When designing a new origin, it's important to think about how its bonuses and abilities compare to those of existing origins. If the bonuses and abilities are too powerful, the origin can easily overshadow other origins, making the game less enjoyable. On the other hand, if the bonuses and abilities are too weak, players may struggle to keep up with others in the game.
Additionally, it's essential to consider how the origin might interact with different classes and playstyles. If the origin is well-suited to a particular class or playstyle, it may be more powerful than intended, and vice versa. This can be mitigated by designing the origin to complement a broad range of classes and playstyles.
Playtesting is another critical element in balancing a homebrew origin. Playtesting involves testing the origin in real gameplay scenarios to see how it performs, and if it affects game balance in any way. It's an opportunity to identify any issues or imbalances and make adjustments before introducing the origin into the main game.
It's also important to consider how the origin fits into the game's world and lore. The origin should be unique and add something new to the game, but it shouldn't be so out of place that it doesn't fit in with the established universe you have created.
If you find that it does, this can be an exciting opportunity to recalibrate the universe your players adventure in. It might be that there is an unknown and hidden aspect to the world that you have not explored yet, one that is home to all manner of new and strange creatures.
While balance is critical in creating a homebrew D&D origin, it's also essential to consider the impact it will have on the roleplaying aspect of the game. One way to accomplish this is to think about the cultural and social customs of the origin. By developing a unique culture for the origin, players can immerse themselves in the game world, and develop their character's backstory and motivations.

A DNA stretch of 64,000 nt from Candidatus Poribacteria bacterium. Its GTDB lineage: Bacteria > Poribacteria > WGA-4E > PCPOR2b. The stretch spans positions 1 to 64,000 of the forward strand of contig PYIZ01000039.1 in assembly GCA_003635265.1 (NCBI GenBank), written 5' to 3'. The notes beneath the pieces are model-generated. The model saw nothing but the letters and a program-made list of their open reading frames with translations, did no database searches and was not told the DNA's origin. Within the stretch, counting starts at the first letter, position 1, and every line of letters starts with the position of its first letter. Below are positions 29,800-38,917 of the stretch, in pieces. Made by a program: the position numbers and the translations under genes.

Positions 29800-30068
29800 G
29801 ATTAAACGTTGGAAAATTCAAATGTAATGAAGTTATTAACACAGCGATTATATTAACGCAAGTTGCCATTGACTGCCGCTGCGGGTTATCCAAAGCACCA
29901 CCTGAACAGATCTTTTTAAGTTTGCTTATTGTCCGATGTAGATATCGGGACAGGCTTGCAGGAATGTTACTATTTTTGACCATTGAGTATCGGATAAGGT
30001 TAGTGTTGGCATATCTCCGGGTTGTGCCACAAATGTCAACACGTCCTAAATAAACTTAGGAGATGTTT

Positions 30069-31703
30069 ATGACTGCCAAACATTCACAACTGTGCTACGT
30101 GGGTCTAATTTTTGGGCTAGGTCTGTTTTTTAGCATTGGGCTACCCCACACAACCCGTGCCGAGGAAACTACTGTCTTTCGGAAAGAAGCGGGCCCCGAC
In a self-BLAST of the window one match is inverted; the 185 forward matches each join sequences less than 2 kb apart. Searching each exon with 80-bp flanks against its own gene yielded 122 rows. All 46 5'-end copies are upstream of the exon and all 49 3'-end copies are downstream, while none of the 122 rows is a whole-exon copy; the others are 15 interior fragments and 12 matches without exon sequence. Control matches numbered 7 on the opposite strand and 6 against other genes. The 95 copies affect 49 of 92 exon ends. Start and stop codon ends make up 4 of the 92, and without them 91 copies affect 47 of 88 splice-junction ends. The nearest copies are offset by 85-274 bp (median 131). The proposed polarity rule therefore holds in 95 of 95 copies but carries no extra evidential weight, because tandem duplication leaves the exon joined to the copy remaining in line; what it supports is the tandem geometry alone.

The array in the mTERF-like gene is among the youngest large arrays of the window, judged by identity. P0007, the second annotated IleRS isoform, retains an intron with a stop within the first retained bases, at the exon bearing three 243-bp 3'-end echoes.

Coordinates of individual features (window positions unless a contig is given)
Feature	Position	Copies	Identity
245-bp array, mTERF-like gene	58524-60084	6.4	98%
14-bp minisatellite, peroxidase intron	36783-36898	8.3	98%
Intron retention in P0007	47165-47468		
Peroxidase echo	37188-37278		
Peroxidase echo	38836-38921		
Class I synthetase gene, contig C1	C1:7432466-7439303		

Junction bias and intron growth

Is this being from what we might call one of the 'civilized races' or origins? Civilised is, of course, a vexed and loaded term, but for the purposes of this article, we can mean 'are there lots of them that live together in communities that evidence some sort of technological advancement, language and are distinct from the rest of the world?'
In Arclands: The Spellforgers Companion, we put a lot of energy into creating languages, naming conventions and rich cultures for the human ethnic groups, Olorians, Ghothars, Haatchi, Arclanders and Mordkhaani.
This raises the origin from simply being a vehicle for adventures to being a living, breathing entity with a past, a society it originates from, a language, a culture and a distinct way of navigating the world.
Developing a unique culture for the origin can include things like language, religious beliefs, social customs, and even the way they dress. These details can add depth and richness to the game world, making it feel more real and immersive. It can also help players create more well-rounded characters by giving them a foundation for their character's backstory and motivations.
Another aspect of roleplaying to consider is how the origin interacts with other races in the game world.
Are they friendly, hostile, or neutral towards other origins? Do they have any alliances or rivalries with other creatures? These types of details can add to the game's depth and provide new opportunities for storytelling and character development.